Mobile has gained ground as our preferred method to connect to Internet; the device used by 86% of users in Spain (where access from desktop has stagnated for 3 years). In emerging economies such as India or Thailand, netizens known as “Mobile-only” (those who only connect to Internet via mobile) make up nearly a third of the total, according to figures from Global Web Index.
The way we use these devices in themselves has also become a novelty. According to Social Media Today, 94% of the time we use mobile phones vertically, which has led us to compose and decode information in vertical format, understanding information in a horizontal format requires extra effort. Most social networks have adapted to become “vertical video friendly” (except for YouTube). This has resulted in a new audiovisual, synthetic language in composition and new challenges in the definition of video.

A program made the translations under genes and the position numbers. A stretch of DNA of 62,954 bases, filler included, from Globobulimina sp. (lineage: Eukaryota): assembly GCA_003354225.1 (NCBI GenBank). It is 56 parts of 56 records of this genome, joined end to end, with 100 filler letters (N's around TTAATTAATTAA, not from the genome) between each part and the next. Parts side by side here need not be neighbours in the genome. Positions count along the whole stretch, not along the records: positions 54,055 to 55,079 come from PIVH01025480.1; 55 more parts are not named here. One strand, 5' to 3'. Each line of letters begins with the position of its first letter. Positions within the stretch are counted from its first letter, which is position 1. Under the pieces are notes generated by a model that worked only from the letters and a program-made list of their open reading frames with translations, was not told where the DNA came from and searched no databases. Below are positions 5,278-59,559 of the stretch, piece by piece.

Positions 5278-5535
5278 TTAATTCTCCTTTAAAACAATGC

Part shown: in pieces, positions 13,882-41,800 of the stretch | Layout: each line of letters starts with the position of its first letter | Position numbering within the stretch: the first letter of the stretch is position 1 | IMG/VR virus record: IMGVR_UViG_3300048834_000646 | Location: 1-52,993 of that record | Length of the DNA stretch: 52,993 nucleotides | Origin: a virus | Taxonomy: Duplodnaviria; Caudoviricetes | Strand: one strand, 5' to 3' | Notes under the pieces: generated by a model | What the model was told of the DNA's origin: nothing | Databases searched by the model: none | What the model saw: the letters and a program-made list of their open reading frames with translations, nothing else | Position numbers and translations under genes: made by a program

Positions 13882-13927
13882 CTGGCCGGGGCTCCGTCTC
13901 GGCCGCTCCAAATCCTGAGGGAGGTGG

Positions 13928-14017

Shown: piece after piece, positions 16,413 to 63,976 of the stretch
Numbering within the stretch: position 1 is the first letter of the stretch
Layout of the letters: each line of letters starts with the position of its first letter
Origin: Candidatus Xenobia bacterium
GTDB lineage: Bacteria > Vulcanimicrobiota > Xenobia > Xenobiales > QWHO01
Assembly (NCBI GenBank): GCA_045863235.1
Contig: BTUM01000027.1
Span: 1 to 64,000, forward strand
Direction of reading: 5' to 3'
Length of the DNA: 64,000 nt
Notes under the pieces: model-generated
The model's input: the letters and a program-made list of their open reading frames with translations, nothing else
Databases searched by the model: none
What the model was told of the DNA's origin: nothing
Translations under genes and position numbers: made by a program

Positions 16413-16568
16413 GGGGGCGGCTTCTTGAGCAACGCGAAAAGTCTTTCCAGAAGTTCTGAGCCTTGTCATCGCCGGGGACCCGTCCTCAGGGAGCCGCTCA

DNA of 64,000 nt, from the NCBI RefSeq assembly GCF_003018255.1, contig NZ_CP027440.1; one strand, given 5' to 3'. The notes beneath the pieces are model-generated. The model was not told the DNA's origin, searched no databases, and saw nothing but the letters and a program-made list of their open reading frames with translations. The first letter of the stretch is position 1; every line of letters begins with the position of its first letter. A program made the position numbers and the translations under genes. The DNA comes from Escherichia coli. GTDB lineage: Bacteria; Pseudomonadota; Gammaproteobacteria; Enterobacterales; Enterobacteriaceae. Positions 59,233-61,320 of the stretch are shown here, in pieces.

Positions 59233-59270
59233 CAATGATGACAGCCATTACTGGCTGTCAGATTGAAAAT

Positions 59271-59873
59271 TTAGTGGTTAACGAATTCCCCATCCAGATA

Verticality is an immersive stake, without wasting a single pixel across the entire surface of the screen. With dalliances between the world of images, videos or 360° virtual reality, this format has improved the performance of creative advertising, forcing the conceptualisation of ad hoc pieces, rather than replications of content originally created for TV.
In parallel, linear TV consumption (where consumers sit passively and consume content whenever the networks chooses to broadcast) is already lower than Internet based consumption, and continues to fall. However, there is a trend of TV channels broadcasting live online, with penetration rates around 90% in Europe, Asia and Brazil.